Guidance counselor Zachara Nelson pointed out that 42 percent of the class has been accepted to college.

“I am so proud of the entire class. They work hard. They play hard. And they study even harder,” Nelson said. “You will see them in Congress, in hospitals and schools all around the country.”

On behalf of the class, Jackson extended an invitation to graduation to Kennedy, which will be at 10 a.m. May 19. They prefer Kennedy to be at the school by 9 a.m., so he can meet students. Jackson said Kennedy can speak at graduation, if he wants to speak.

Constance Williams is a retired Cairo High School principal and a city council member. She was acting as mayor pro tem on Wednesday morning.

“We are no longer going to let people come in here during an election and talk about our school,” she said. “These children are protected by their parents and people who love them in this community.”

Superintendent Andrea Evers did not speak much, choosing instead to let the seniors speak for the school. She does expect 16 of the 24 seniors to go to college. Four will go to the military. Seven of the students exceeded the national average on SAT tests last year.

“Anyone who uses one matrix for a narrative is irresponsible,” Evers said.

A spokesperson for the Kennedy campaign said he was using data from the Illinois Report Card to talk about the inequity in school funding across the state.

Kennedy released this statement Wednesday: “I see the promise and potential of our students, our teachers and our public schools, then I see the failing of the state government to adequately provide them the resources. It is the fault of Springfield that only 6 percent of Cairo Junior/Senior High School students haven’t met college readiness levels. In fact, 0 percent are college ready when it comes to math. That isn’t the fault of the students or the teachers. It’s the fault of a failed state government. I am going to change that by funding our schools with a progressive income tax instead of local property taxes which shortchange our students and our schools. It’s time for a change.”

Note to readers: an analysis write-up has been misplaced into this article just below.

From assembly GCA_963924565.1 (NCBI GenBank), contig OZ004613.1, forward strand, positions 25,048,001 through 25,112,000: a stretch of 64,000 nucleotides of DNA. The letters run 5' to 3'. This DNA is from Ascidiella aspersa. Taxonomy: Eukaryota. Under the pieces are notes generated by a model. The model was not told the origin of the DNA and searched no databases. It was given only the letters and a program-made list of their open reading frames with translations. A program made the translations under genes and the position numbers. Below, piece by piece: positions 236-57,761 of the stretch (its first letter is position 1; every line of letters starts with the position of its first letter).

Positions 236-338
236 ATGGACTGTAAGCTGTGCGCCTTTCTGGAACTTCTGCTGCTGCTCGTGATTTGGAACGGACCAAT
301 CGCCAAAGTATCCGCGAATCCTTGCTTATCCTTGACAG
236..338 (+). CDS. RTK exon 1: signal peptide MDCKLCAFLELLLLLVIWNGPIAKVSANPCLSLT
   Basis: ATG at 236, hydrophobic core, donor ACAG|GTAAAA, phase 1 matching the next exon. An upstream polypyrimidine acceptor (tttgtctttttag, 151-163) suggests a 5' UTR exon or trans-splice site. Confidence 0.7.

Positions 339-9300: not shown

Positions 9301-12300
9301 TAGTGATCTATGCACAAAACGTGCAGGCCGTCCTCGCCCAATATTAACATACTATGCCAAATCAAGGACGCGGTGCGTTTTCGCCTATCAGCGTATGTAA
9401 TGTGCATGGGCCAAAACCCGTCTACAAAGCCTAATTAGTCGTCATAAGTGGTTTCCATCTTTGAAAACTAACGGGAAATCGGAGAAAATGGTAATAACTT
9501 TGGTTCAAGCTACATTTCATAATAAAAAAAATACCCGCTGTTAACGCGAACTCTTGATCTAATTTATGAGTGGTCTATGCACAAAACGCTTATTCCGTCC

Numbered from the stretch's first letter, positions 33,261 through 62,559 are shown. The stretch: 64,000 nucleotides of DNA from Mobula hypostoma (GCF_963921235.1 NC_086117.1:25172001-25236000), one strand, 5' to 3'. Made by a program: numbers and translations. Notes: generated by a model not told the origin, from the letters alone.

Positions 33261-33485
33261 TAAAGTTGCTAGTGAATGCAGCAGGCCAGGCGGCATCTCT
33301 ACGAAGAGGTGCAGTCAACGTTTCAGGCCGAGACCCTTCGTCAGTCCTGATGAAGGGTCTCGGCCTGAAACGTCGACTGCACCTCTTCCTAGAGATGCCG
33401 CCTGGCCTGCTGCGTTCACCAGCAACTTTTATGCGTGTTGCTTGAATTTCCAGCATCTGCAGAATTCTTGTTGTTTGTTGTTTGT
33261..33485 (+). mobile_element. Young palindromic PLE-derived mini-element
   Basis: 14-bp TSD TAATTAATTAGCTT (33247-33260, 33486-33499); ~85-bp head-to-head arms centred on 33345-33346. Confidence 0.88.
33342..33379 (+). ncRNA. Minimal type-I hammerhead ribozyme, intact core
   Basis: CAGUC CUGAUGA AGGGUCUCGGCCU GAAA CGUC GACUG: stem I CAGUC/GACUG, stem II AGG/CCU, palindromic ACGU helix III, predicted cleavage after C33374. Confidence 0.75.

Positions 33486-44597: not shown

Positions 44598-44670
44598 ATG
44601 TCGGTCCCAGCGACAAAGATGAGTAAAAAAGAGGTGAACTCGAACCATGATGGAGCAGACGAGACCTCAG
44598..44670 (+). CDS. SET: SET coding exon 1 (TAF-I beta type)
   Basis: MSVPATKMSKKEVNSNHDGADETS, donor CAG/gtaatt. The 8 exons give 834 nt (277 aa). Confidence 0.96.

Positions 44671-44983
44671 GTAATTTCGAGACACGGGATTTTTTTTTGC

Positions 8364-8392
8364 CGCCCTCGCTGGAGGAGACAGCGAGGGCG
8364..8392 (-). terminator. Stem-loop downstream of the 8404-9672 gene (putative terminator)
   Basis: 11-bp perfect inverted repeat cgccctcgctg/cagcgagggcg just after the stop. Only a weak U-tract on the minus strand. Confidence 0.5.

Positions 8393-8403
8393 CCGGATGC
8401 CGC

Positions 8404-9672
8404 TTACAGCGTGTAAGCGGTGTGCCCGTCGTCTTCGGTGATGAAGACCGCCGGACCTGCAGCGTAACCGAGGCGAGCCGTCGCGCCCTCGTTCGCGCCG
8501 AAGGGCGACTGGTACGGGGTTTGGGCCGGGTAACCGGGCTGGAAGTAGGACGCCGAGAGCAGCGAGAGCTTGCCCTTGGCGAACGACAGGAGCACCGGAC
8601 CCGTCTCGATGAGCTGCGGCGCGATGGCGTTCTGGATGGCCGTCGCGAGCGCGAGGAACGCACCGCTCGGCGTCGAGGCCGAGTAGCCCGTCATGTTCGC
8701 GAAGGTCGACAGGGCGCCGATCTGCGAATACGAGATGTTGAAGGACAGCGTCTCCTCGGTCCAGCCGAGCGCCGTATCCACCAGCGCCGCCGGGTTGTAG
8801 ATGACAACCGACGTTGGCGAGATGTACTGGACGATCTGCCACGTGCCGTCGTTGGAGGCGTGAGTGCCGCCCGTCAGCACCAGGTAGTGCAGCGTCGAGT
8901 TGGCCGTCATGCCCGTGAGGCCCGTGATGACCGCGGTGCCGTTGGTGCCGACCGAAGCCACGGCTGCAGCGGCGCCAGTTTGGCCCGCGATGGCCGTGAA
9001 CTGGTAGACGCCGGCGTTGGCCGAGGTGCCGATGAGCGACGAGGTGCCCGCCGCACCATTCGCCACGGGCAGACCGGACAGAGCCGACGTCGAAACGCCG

The Illinois Report Card uses data from ACT tests to measure college readiness, according to www.illinoisreportcard.com. Beginning in 2016, ACT was not the required Illinois assessment.  

Besides the 24 seniors and school administrators, the meeting was attended by Alexander Democratic Chairman Phillip Matthews, school board member Brenda Gooden, Principal Lisa Thomas and others.

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Reporter

Marilyn Halstead is a reporter covering Williamson County.